Drug-Market Intervention Effort Faces Some Skepticism in Austin


A new program to curb crime in central East Austin faces a tough sell in an area that has seen an array of law enforcement efforts come and go over the decades and where longtime residents say they are distrustful of authorities amid gentrification and fear of displacement, reports the Austin American-Statesman. In more than a dozen cities across the U.S., police officials and criminologists say the drug market intervention strategy pioneered by David Kennedy of John Jay College of Criminal Justice — when executed correctly — has shown impressive results and can eradicate outdoor drug hubs.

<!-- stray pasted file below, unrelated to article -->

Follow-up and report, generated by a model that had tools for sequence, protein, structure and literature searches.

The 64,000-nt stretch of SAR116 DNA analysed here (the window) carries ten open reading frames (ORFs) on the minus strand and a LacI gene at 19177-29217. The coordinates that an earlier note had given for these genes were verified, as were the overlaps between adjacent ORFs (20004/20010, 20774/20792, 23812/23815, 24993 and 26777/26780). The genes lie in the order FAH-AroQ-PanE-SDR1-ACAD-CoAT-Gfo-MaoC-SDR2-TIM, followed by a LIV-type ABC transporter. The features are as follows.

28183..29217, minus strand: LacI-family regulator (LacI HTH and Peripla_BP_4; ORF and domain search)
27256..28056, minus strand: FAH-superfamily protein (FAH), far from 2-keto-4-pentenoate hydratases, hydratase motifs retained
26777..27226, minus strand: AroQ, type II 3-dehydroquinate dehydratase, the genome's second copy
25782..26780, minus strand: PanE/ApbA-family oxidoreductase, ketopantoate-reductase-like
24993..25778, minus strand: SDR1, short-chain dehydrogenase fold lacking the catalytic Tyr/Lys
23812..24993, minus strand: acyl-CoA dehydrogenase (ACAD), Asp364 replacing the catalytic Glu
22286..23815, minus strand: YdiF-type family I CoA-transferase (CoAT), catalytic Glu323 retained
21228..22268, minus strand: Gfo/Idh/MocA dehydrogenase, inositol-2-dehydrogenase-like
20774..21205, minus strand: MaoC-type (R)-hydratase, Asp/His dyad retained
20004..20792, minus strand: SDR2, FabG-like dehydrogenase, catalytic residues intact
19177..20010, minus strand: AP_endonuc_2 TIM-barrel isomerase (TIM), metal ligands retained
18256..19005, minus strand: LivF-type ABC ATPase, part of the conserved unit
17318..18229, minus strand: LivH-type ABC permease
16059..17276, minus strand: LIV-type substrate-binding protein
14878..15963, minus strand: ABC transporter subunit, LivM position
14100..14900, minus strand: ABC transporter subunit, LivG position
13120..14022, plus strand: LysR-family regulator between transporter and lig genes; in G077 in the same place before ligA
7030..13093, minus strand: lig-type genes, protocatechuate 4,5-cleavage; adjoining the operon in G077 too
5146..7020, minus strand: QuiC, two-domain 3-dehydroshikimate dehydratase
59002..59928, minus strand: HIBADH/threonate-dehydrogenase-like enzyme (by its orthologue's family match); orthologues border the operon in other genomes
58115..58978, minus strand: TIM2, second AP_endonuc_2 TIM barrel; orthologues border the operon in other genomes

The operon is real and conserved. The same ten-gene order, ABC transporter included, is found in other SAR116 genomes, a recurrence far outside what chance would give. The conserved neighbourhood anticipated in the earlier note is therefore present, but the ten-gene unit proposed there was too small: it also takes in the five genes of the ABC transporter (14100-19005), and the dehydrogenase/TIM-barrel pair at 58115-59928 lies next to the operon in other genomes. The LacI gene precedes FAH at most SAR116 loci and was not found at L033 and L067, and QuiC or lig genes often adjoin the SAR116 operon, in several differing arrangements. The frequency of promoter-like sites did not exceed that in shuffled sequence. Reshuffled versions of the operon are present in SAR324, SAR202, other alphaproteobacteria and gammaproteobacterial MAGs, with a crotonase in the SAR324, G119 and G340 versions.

A particular East Austin intersection has long been notorious for the marijuana and cocaine sales that plague its streets and alleys at all hours of the day. The trade spurs a consistent cycle of prostitution, theft, and occasional violence that in recent years has caused new and longtime neighbors to band together to demand that police and city officials address the crime in their community. Some leaders say they would rather see authorities use public safety measures already instituted in the downtown entertainment district and are wary of an initiative that has never been tried in Austin. Police officials and criminologists said the approach works no matter the city or its size because drug corners everywhere tend to have similar elements and face the same problems, such as poverty and strained relations between police and the surrounding neighborhood. Austin Police Chief Art Acevedo said he wants to implement the program by the end of the summer, and it could be expanded to other parts of the city if it’s effective.

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